Extracts - how do we know the purity?

I recently purchased a Korean Beauty product called Purito Green Level Buffet serum, which is formulated with 49% Centella Asiatica extract; https://www.skincarisma.com/products/purito/centella-green-level-buffet-serum/ingredient_list#info-section
I am currently developing a skincare range and wanted to include Cica (centella Asiatica) at a high level.  We are using Heterosides from Seppic which is 70% pure Centella Asiatica.  The maximum concentration recommended by the manufacturer is 0.5%.
My formulating chemist advices that she has previously made a 10% extract of Centella Asiatica and it is very brown.  
Whilst I recognise that the extract used in Purito is probably not pure, as it is totally clear, the information is very confusing to the consumer.  
I am interested to find out

(i) any information on the different ways of producing extracts
(ii) if it is possible to determine the purity of extracts used in specific products like Purito.
(iii) if there is different regulation for the way that extracts are made in Korea relative to Europe/UK?


Comments

  • PerryPerry Administrator, Professional Chemist
    The easy answer is to how do you know the purity of extracts is "you can't"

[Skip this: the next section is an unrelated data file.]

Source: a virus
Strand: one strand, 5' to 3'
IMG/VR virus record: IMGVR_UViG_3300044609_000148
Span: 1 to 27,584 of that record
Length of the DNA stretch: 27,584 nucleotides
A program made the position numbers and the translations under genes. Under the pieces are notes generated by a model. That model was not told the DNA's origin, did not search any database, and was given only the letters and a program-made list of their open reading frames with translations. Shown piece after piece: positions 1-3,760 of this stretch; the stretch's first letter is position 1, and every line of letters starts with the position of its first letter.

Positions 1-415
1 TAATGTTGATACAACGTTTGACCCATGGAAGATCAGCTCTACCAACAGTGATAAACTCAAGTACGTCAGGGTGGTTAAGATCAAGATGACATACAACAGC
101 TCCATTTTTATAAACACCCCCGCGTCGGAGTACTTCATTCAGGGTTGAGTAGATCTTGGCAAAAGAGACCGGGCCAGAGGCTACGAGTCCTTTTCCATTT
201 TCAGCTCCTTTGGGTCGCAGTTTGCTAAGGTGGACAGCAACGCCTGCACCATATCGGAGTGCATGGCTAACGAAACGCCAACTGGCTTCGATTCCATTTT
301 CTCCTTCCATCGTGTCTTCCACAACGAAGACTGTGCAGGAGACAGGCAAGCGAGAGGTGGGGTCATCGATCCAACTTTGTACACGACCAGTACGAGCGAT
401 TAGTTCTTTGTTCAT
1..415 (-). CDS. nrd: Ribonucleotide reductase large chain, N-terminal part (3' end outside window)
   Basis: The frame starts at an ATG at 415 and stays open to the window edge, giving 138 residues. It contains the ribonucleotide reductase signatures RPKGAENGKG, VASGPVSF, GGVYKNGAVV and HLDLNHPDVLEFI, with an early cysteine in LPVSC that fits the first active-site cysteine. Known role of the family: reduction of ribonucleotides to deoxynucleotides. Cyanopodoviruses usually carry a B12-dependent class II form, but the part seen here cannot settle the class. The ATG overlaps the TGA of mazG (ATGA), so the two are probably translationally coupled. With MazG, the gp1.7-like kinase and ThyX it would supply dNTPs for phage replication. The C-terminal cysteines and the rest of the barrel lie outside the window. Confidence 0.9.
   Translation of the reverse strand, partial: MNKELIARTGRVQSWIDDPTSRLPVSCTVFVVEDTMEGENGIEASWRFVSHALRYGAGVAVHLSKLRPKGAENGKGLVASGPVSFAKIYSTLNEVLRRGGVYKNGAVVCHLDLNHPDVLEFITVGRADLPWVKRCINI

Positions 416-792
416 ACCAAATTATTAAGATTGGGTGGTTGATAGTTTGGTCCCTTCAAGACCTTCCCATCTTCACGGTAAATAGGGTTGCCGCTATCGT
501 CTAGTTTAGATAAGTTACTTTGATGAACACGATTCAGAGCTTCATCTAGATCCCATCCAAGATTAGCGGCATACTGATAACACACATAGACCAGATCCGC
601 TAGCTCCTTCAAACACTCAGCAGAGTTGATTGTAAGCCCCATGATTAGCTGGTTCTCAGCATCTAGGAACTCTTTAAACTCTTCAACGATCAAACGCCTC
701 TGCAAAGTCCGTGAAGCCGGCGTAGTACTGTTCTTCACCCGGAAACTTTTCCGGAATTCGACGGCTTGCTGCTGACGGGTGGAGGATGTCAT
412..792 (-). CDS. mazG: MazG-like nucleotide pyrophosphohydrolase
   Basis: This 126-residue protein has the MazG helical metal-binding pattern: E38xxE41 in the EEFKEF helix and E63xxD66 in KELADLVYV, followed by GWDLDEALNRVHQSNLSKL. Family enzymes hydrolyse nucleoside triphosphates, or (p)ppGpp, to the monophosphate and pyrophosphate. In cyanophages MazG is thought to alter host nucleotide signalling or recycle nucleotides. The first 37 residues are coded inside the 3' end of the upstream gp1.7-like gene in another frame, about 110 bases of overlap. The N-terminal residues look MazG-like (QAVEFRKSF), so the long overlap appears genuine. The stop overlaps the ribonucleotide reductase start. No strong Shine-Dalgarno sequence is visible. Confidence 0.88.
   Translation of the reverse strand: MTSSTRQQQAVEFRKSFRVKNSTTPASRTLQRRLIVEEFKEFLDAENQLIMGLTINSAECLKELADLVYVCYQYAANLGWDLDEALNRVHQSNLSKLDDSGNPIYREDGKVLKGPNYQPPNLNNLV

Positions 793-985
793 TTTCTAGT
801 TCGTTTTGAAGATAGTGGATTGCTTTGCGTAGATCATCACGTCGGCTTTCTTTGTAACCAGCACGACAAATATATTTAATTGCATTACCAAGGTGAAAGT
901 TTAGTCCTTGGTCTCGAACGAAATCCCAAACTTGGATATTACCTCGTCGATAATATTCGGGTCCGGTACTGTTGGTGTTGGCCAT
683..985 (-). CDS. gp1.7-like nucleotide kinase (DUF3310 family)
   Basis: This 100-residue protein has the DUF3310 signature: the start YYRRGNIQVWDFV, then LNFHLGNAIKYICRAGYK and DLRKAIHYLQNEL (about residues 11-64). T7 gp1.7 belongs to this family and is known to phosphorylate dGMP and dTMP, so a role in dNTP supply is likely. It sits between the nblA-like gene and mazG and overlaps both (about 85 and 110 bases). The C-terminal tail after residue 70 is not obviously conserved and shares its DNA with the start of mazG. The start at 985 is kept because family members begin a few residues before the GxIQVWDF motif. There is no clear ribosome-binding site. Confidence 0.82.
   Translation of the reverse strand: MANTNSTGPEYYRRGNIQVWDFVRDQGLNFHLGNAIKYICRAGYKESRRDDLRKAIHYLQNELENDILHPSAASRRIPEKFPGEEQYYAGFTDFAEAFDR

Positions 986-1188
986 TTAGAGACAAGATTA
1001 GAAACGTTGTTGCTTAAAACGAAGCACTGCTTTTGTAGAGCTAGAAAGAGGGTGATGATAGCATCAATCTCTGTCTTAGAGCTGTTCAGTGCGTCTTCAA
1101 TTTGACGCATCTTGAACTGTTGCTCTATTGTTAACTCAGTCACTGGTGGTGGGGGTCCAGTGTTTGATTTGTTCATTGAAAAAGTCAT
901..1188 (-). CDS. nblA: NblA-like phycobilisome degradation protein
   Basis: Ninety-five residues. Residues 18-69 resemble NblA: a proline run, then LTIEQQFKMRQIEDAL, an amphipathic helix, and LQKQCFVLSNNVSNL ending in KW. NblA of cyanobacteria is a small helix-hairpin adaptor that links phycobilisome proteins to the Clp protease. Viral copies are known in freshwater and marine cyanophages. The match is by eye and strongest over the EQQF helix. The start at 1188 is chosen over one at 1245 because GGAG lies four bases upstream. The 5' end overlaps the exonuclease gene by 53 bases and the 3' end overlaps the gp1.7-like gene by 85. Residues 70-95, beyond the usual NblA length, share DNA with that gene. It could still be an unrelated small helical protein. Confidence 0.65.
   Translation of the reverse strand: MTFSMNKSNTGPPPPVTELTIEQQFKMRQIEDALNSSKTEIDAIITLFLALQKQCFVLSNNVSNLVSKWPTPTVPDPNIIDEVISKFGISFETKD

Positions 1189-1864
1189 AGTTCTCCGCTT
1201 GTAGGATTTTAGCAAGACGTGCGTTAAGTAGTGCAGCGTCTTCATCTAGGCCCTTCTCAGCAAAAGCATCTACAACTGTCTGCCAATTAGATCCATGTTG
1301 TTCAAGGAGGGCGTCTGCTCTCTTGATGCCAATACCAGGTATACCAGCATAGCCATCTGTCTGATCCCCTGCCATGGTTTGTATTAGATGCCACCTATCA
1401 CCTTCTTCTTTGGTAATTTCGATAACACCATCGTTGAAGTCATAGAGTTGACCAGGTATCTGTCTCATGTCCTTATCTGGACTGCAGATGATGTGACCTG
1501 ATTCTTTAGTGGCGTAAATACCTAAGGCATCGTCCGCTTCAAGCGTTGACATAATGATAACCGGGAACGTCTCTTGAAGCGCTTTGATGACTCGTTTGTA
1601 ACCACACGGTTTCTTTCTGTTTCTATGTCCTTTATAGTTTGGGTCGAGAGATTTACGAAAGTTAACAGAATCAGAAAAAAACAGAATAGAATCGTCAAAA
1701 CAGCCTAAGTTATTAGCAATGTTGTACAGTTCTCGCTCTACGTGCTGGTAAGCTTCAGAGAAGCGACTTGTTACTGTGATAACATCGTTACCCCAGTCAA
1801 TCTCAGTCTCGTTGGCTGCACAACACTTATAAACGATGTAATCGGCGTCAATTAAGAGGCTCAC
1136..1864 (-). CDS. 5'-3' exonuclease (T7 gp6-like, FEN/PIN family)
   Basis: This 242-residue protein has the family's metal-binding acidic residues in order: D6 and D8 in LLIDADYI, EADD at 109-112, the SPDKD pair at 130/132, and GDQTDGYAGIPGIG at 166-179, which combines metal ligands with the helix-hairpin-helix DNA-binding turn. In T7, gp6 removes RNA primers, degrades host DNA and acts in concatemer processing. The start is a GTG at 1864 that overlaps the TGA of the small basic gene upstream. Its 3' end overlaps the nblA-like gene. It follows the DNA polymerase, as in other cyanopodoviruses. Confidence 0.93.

In fact, unless you run an IR spec getting an average mapping of the absorption profile, you probably couldn't tell the difference between an extract and colored brown water/solvent.

  • GuntherGunther Member
    (i) some extracts are as simple as soaking the powdered ground plants in a solvent and let it sit for a while. Others need expensive vacuum distillation to prevent heat from damagin the active compounds.

    (ii) You can't know the exact concentration
    not even if extracted it yourself
    time, temperature, solvent and process choice all them can vary extract concentration (and even composition)
    and so do unscrupulous sellers who water down their extracts.

    You'd need chromatography equipment to find out.
    Some paper chromatography kits are very cheap in Ebay and can help you get a rough estimate.

    (iii) I don't even know if extracts are actually regulated anywhere in the world, other than false advertising policies.
  • Bev_MayBev_May Member
    Thank thank you both. So probably the answer is not to read too much into the ingredients list but to pay attention to claims testing and if any has been done on the formulation? As someone starting out in the industry I find it quite alarming that, in creating a high performance product, I am paying around £1500 per kg for a top quality extract with sheds of data behind it, as well as using an API; the potency being so high that above 1% would prove impossible for formulating  due to impact on colour/consistency and in some cases not advisable because of potency, whereas another brand can boast an extract at a very high percentage - the consumer is completely misled and confused. From a marketing background, as well as science degree, I want transparency for my brand. More comments please!!! I want to blog about this and raise consumer awareness. 
  • PerryPerry Administrator, Professional Chemist